This a rule of thumb for those who are “streak freaks” with an absurd snap score. However, it is especially important when talking to someone. Leaving someone on “open” gives them the impression that you are no longer interested. This makes flirting an especially exhausting endeavor. Sometimes it takes like ten selfies to finally get the perfect snap. The goal is to look both hot and nonchalant— which is extremely hard to accomplish. Especially when your hair is up in a pony tail and can’t be used to hide part of your face… or is that just me? 

5. Keep Up With Your Streaks

I do not internalize snapchat streaks with my close circle, but it’s important to keep streaks with people you’re talking to or with more distant friends. Breaking a snapchat streak indicates that you don’t desire to stay in touch with them. However, if you generally struggle to keep up with your replies (like me)– people learn this about you and don’t internalize it. 

6. Private Stories

Everyone uses their private story differently. Some use their private story to invite people to parties. Other people use it to prove they “had fun last night.” But, the beautiful thing about Private Stories is that they are unique to each individual. Every person establishes their own private story etiquette– which can be interesting sometimes. My private story is named “Abbey’s Memoir.”  I use this story as a platform to share more personal things. What I post aims to start a conversation with people, while my more superficial posts are reserved for my public story. “Abbey’s Memoir” is reserved for people who I consider friends. My view count can stretch anywhere between 15-50 people– it really depends on how outgoing I’m feeling and the content I’m posting. There are periods where I only include close friends because I need a place to vent. But usually, if it’s someone I’d see and say hi to in a public place, I would include them on this story. On “Abbey’s Memoir” I primarily share party stuff, humorous content, and excerpts of my writing. As a writer, I have found “Abbey’s Memoir” to be a great place for worry-free, impermanent self expression. My story also helps me to keep in contact with people who I don’t directly message often.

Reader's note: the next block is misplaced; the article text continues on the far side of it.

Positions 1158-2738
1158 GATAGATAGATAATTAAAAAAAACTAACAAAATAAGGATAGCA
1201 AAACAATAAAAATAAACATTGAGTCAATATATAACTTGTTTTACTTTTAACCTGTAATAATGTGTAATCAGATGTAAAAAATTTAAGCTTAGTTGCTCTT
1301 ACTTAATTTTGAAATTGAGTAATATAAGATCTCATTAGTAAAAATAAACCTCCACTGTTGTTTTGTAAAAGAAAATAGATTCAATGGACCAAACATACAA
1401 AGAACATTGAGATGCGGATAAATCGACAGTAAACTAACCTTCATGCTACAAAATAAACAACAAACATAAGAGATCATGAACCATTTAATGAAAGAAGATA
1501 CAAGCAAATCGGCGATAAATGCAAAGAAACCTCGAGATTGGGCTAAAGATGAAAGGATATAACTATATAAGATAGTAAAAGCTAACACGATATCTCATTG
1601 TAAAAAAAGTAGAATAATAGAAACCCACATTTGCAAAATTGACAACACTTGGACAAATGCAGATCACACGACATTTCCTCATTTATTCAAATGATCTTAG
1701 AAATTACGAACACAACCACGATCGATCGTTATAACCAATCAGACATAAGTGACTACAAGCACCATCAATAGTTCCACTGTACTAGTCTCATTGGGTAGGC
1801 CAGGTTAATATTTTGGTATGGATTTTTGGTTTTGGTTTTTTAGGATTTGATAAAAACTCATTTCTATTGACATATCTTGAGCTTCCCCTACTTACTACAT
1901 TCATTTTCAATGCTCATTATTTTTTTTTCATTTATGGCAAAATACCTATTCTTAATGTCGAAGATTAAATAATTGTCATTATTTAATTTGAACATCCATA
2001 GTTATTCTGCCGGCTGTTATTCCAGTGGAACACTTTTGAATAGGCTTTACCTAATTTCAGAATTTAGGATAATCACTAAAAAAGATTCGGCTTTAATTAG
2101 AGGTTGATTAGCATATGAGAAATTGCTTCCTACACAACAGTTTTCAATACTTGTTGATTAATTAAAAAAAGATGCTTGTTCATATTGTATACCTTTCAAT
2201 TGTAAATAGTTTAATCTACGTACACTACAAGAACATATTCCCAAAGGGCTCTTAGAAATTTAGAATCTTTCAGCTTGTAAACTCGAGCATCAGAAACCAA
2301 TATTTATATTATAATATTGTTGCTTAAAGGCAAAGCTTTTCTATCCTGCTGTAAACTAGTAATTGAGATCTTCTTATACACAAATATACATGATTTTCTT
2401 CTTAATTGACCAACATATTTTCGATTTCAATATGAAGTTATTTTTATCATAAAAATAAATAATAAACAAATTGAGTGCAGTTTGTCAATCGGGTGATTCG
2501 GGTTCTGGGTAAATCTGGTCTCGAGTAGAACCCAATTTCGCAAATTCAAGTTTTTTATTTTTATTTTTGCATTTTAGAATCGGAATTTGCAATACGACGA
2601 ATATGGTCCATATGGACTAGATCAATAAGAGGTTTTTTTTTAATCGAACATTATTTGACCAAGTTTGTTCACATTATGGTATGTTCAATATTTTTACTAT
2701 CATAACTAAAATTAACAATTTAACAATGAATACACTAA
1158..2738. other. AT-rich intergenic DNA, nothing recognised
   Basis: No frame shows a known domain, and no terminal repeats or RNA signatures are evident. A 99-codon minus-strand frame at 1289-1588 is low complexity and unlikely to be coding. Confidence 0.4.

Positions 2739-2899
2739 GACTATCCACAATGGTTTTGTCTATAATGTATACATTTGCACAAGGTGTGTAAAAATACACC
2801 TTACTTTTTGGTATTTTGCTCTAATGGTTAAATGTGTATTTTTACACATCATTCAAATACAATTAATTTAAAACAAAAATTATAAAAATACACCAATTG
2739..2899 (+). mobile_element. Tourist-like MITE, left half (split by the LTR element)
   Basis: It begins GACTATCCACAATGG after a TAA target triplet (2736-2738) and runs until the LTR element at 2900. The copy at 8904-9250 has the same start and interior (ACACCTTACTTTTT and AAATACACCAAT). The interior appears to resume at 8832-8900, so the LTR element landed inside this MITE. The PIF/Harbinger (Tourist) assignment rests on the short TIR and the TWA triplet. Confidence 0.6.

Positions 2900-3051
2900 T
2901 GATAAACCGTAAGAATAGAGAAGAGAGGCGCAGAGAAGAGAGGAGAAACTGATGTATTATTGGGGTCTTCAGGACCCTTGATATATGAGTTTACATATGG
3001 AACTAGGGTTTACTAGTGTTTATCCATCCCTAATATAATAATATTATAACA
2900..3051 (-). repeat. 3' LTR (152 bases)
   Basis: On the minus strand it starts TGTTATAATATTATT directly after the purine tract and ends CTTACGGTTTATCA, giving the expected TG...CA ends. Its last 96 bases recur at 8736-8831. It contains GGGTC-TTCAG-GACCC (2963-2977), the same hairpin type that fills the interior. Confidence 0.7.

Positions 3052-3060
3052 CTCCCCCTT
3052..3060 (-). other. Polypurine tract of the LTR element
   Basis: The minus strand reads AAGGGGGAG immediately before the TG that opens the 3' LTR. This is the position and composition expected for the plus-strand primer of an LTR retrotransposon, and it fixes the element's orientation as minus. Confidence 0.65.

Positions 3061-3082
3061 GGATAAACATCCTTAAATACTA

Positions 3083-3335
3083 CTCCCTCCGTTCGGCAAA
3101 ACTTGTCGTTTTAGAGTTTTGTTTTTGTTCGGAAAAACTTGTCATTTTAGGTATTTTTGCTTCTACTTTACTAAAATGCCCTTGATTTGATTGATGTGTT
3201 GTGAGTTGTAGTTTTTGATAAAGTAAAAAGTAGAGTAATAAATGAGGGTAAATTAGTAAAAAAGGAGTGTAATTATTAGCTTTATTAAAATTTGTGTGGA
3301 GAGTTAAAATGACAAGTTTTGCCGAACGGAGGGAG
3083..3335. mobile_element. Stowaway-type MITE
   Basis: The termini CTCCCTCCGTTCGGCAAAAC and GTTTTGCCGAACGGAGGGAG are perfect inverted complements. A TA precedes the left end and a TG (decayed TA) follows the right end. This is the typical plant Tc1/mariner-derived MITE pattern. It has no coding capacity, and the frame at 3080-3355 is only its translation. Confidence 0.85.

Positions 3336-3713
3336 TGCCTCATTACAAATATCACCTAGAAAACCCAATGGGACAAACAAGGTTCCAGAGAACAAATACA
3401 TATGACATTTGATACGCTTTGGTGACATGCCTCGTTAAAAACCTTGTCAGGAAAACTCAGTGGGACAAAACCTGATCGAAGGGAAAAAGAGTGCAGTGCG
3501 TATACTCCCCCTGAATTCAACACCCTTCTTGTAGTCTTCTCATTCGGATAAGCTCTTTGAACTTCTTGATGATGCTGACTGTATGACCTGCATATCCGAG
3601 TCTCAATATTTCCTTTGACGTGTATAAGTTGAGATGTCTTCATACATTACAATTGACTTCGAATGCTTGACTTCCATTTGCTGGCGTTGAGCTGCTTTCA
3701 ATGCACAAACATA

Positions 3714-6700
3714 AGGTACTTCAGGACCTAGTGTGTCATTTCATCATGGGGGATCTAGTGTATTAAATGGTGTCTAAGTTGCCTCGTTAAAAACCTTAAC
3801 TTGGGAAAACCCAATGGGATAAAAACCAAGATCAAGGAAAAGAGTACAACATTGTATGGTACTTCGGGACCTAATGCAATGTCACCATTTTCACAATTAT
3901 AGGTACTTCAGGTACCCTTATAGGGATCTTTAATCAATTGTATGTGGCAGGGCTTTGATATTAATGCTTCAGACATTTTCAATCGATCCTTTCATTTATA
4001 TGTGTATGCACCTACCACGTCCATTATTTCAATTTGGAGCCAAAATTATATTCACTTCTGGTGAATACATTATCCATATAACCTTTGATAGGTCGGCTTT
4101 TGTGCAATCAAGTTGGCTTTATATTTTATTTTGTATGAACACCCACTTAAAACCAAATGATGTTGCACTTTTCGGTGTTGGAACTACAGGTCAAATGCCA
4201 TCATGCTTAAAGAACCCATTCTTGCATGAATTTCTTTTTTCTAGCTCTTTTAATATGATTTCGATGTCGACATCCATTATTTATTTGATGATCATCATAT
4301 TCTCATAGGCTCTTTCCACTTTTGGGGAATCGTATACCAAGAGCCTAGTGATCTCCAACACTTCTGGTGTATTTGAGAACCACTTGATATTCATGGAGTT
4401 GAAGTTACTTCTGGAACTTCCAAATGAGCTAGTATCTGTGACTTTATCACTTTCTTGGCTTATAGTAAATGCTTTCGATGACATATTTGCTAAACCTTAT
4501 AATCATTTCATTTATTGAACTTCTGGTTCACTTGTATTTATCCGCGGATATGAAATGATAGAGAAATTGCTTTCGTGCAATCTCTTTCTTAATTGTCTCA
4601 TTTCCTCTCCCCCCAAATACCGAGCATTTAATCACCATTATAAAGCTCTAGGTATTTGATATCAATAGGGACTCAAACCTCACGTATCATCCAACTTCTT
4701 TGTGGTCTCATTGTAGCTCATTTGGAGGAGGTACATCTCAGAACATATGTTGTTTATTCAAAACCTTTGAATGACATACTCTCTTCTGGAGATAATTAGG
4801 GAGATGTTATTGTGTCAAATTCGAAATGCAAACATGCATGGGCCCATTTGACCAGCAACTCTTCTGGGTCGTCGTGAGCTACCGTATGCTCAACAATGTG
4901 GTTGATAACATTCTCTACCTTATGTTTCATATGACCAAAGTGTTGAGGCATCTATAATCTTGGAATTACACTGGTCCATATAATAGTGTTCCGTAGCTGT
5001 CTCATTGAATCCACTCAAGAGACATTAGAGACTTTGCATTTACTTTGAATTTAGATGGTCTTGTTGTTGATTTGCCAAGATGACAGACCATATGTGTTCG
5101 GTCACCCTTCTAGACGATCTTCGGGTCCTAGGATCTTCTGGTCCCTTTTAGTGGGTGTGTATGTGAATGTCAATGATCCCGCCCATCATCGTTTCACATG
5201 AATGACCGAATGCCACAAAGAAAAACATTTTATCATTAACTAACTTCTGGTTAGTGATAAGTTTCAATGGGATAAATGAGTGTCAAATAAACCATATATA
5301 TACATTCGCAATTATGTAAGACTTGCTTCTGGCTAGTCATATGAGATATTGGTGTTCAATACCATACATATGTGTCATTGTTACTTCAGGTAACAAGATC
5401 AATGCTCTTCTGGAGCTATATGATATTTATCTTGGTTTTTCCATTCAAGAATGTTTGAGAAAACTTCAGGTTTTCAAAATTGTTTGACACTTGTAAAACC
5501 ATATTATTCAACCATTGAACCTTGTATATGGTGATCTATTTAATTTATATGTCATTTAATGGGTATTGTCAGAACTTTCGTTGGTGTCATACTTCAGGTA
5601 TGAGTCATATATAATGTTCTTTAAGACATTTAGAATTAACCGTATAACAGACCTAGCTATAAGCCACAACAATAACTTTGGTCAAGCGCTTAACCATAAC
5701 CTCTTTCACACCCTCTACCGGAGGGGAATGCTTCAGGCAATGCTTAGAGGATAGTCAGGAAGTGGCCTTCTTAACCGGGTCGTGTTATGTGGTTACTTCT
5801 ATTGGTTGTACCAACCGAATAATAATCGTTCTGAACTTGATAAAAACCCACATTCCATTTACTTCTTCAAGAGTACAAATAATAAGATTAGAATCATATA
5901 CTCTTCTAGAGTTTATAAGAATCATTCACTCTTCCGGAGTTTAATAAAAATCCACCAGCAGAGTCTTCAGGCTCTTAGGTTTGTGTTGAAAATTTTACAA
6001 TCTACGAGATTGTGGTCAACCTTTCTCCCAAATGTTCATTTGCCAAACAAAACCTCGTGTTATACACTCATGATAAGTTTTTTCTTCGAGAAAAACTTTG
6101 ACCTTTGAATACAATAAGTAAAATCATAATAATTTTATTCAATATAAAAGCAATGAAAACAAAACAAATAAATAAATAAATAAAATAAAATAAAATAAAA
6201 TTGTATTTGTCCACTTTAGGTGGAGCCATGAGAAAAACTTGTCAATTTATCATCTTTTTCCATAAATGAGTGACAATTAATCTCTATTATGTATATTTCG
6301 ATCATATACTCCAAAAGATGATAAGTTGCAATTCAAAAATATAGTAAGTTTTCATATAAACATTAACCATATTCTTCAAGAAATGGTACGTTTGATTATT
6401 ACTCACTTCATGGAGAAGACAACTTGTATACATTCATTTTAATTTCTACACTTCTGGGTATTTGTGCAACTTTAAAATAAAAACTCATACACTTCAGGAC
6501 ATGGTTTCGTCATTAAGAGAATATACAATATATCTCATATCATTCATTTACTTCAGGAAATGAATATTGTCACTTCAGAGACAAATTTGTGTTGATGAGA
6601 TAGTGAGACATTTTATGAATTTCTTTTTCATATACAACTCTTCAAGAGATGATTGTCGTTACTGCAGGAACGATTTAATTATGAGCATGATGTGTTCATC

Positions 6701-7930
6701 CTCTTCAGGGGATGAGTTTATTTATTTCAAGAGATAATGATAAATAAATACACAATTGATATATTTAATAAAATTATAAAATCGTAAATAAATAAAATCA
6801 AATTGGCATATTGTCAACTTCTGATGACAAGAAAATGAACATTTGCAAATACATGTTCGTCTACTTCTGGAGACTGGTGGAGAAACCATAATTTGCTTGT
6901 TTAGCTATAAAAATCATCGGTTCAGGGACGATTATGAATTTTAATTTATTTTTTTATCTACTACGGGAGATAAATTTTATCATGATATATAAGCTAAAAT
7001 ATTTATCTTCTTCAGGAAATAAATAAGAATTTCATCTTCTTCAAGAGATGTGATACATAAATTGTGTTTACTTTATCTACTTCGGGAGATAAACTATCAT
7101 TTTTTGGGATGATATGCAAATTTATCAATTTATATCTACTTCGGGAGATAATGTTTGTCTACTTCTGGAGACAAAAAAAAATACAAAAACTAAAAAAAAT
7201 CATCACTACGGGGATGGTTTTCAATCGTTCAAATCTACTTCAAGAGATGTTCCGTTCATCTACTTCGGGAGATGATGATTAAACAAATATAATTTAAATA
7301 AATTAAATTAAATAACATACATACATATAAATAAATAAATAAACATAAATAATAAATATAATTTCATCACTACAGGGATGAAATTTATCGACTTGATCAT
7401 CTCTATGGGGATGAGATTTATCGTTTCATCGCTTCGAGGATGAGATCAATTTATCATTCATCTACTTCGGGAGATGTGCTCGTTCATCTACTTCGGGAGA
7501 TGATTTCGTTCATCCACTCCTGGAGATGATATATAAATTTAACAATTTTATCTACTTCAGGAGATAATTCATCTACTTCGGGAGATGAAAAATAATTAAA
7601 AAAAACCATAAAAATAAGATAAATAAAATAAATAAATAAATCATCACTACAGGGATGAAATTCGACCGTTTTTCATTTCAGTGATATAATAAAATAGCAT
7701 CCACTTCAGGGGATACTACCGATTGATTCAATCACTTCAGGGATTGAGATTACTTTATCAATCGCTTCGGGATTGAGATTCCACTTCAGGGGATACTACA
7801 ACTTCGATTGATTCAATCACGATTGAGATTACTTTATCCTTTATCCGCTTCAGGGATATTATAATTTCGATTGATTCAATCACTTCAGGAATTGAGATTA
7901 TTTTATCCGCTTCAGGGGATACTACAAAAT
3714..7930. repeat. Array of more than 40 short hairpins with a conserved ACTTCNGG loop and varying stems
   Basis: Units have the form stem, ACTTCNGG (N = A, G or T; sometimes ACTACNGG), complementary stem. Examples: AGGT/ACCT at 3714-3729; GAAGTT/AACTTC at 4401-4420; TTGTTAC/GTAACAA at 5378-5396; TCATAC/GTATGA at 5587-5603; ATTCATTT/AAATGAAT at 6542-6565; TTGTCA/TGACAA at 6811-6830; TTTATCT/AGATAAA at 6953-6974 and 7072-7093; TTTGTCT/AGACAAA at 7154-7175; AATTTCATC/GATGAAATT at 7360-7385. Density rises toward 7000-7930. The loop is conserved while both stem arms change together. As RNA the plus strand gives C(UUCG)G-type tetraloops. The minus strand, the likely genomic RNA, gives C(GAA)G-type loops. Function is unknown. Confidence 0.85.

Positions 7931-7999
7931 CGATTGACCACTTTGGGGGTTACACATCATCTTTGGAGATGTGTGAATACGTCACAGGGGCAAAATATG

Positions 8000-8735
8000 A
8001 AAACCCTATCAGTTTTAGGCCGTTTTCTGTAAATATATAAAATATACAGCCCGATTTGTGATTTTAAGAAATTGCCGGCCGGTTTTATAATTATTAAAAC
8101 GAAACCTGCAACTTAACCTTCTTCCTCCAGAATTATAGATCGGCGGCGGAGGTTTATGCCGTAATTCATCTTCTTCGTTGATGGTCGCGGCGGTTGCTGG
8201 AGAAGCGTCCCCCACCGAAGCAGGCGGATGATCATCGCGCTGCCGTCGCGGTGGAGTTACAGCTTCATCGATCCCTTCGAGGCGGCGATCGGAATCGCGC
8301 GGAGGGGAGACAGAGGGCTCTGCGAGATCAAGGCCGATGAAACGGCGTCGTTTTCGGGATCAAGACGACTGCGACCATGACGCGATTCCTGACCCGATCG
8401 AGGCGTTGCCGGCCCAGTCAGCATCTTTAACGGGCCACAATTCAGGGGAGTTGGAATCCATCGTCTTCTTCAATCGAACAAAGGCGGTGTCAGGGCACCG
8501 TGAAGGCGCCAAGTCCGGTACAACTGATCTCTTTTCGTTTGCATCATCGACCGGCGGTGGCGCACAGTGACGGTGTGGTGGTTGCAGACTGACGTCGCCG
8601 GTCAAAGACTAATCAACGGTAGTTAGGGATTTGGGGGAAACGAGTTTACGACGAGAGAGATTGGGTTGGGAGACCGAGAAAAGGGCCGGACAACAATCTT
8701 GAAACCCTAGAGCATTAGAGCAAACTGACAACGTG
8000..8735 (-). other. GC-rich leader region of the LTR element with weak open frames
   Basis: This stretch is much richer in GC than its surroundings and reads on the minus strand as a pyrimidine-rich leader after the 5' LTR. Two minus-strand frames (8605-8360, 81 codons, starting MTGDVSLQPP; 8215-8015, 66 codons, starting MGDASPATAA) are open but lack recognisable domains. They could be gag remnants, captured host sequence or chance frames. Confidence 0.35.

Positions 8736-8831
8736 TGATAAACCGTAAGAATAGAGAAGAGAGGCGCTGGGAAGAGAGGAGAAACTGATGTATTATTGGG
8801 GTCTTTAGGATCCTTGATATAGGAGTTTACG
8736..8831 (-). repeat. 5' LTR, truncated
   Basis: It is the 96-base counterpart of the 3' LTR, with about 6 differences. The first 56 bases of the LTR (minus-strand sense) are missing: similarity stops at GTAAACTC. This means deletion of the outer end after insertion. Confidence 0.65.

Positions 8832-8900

7. DO NOT SCROLL!

Snapchat creates a camera roll known as “Memories” within the app. These are the photos and videos you chose to be saved indefinitely. I likely won’t ever delete Snapchat just because of this feature. Snap memories are better than what can be found on your phone’s camera roll because they are the moments you wanted to share with others. These are your concert videos, your vacation photos, your selfies, and pictures with friends. If you’re anything like me– your camera roll is a gigantic mess. The 25,000 photos stored on your camera roll are incredibly boring. There are likely photos of your last photographable medical issue. And, there are definitely creepy screenshots you took in the midst of Instagram stalking. Your camera roll is— for the most part— innocently embarrassing. The password protected “My Eyes Only” on Snapchat is an entirely different story. These are the moments you wanted to commemorate but were never intended to be viewed, by others, beyond their impermanent lifespan. We have been raised in an age of over-documentation– so of course this very personal content exists. In rare instances, you may be allowed to view an item in someone else’s “My Eyes Only.” This brings me to the MOST important rule of all: DO NOT SCROLL!